LONDON: Simon Manley, UK Permanent Representative to the UN in Geneva, delivered the UK statement, calling on the Taliban to honour the amnesty it announced last August for all Afghans.
We are worried. High Commissioner, we share your many concerns, especially about the rights of women and girls. Educated, empowered women will contribute to Afghanistan’s economic development, as well as peace and stability. Yet their ability to work, to move freely and to access education has been severely restricted. We welcome the return of some women to university, and the Taliban’s recent commitment that all girls can return to schools in March. But the world will be watching. We will judge the Taliban by their actions, not their words.
Without greater inclusion, moreover, the Taliban’s narrow approach to governance risks instability. The administration is predominantly Pashtun, civil society and women’s voices are supressed, and members of some minority groups have been subject to arrest, persecution and forced displacement.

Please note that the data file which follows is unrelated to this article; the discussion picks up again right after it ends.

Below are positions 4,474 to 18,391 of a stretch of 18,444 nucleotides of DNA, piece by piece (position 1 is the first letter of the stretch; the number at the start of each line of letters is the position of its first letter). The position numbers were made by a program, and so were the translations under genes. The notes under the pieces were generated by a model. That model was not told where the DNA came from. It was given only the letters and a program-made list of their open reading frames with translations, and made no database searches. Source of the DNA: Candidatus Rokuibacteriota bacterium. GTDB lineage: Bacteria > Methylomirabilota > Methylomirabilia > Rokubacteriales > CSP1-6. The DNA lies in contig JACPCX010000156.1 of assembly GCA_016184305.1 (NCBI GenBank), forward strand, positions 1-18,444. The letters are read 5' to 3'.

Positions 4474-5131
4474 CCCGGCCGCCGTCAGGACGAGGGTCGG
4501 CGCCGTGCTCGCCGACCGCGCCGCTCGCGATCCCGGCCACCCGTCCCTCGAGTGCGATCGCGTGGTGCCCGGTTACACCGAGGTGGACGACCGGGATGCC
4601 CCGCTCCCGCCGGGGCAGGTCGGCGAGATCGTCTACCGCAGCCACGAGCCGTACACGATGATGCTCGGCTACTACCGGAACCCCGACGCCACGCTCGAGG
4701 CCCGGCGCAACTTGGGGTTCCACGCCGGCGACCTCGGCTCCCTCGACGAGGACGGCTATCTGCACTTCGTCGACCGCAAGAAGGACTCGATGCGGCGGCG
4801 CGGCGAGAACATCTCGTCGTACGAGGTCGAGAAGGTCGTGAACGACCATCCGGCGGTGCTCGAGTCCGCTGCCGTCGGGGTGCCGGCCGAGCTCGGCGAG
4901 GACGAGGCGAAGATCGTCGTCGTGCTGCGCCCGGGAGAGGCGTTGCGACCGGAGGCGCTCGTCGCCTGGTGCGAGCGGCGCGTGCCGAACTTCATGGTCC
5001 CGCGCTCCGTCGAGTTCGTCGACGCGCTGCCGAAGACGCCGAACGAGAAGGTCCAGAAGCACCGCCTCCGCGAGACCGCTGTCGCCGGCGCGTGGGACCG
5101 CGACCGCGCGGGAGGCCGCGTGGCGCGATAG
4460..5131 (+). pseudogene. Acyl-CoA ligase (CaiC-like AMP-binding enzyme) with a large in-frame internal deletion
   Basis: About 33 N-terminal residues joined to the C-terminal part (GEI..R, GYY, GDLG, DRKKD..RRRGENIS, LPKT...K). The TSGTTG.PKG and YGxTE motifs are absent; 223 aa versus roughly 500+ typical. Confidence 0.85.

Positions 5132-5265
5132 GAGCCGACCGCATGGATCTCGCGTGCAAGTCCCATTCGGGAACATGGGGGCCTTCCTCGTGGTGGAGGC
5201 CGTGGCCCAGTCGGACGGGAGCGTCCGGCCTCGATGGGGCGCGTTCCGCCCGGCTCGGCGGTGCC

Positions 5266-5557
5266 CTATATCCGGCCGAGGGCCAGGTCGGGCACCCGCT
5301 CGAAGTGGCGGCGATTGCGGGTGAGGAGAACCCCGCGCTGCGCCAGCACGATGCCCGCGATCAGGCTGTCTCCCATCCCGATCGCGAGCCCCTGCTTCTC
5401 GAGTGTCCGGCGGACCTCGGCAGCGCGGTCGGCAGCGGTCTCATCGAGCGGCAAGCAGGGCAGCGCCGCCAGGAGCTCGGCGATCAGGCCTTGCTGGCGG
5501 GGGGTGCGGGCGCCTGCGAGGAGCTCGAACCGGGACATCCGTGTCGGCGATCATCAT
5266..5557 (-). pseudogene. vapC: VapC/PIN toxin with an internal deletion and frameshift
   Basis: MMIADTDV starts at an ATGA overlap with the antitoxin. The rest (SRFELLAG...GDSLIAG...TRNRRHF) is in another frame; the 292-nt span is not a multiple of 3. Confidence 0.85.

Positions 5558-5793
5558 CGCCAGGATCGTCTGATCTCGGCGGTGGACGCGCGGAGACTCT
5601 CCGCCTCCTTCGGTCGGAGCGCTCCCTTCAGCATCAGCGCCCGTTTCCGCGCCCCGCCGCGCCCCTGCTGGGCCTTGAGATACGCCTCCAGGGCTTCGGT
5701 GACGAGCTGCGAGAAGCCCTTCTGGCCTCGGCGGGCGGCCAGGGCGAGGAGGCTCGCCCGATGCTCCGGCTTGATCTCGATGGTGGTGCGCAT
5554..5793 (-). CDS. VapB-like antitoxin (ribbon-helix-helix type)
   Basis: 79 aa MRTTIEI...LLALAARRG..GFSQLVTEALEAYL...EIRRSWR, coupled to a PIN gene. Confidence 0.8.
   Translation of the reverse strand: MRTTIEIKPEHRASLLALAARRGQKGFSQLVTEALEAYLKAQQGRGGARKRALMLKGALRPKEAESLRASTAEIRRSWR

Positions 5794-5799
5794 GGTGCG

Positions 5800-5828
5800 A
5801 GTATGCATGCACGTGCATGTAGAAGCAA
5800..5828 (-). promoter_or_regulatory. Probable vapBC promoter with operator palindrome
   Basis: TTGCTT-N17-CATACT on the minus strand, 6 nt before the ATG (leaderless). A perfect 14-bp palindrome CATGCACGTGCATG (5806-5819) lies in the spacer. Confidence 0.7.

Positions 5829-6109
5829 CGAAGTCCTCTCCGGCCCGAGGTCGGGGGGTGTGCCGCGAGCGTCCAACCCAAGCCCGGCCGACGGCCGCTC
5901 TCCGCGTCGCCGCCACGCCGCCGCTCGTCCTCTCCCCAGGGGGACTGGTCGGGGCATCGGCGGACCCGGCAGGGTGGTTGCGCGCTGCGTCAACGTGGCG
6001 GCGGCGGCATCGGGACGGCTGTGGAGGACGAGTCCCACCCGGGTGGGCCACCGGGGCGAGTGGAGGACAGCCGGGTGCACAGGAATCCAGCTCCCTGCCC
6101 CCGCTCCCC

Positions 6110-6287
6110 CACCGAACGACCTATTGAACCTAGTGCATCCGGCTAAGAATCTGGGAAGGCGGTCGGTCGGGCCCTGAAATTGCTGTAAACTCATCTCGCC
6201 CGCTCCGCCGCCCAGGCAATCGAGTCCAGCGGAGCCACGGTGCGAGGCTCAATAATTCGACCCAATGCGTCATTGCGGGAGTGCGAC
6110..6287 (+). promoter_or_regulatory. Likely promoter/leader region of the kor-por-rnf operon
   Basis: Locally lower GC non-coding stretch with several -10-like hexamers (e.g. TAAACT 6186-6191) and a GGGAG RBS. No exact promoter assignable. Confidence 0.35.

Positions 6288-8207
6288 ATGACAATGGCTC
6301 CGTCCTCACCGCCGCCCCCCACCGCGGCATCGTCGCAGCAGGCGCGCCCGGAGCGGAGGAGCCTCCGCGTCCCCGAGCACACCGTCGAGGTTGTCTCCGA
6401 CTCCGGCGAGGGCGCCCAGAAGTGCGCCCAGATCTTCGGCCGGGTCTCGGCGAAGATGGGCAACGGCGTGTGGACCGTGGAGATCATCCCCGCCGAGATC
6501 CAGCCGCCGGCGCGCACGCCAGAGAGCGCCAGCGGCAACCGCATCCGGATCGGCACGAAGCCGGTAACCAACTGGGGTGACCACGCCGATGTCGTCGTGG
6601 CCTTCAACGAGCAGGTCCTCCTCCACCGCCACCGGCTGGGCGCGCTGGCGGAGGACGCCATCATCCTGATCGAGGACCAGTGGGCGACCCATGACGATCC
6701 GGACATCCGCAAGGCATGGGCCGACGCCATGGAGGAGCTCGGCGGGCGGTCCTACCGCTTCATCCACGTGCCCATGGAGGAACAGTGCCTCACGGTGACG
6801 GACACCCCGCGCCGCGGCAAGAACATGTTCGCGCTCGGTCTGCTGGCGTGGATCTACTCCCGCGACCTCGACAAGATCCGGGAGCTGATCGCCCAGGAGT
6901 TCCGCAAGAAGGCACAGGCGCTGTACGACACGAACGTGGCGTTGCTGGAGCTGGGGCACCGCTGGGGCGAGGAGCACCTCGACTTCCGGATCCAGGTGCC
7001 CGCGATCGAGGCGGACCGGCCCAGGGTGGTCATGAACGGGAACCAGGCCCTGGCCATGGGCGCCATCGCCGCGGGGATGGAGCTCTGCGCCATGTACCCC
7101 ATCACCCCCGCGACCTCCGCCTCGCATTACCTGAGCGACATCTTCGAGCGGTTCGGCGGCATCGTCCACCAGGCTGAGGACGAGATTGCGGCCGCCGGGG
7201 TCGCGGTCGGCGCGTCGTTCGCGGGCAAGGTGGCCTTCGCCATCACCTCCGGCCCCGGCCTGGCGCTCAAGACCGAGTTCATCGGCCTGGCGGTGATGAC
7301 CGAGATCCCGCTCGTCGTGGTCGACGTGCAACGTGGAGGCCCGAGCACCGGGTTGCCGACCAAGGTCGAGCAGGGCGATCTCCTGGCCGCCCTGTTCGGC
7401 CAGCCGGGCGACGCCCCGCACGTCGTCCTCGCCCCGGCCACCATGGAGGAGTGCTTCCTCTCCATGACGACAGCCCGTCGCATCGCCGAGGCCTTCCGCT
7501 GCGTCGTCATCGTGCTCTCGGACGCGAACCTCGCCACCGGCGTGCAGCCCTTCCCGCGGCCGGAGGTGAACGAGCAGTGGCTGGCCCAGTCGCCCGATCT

There are allegations of extra-judicial killings, detentions and disappearances of former security forces and government officials. We call on the Taliban to honour the amnesty it announced last August for all Afghans and to carry out transparent investigations into allegations of targeted killings and disappearances.
To ensure that the international community is coordinated in our approach to the Taliban, which of your recommendations should we prioritise?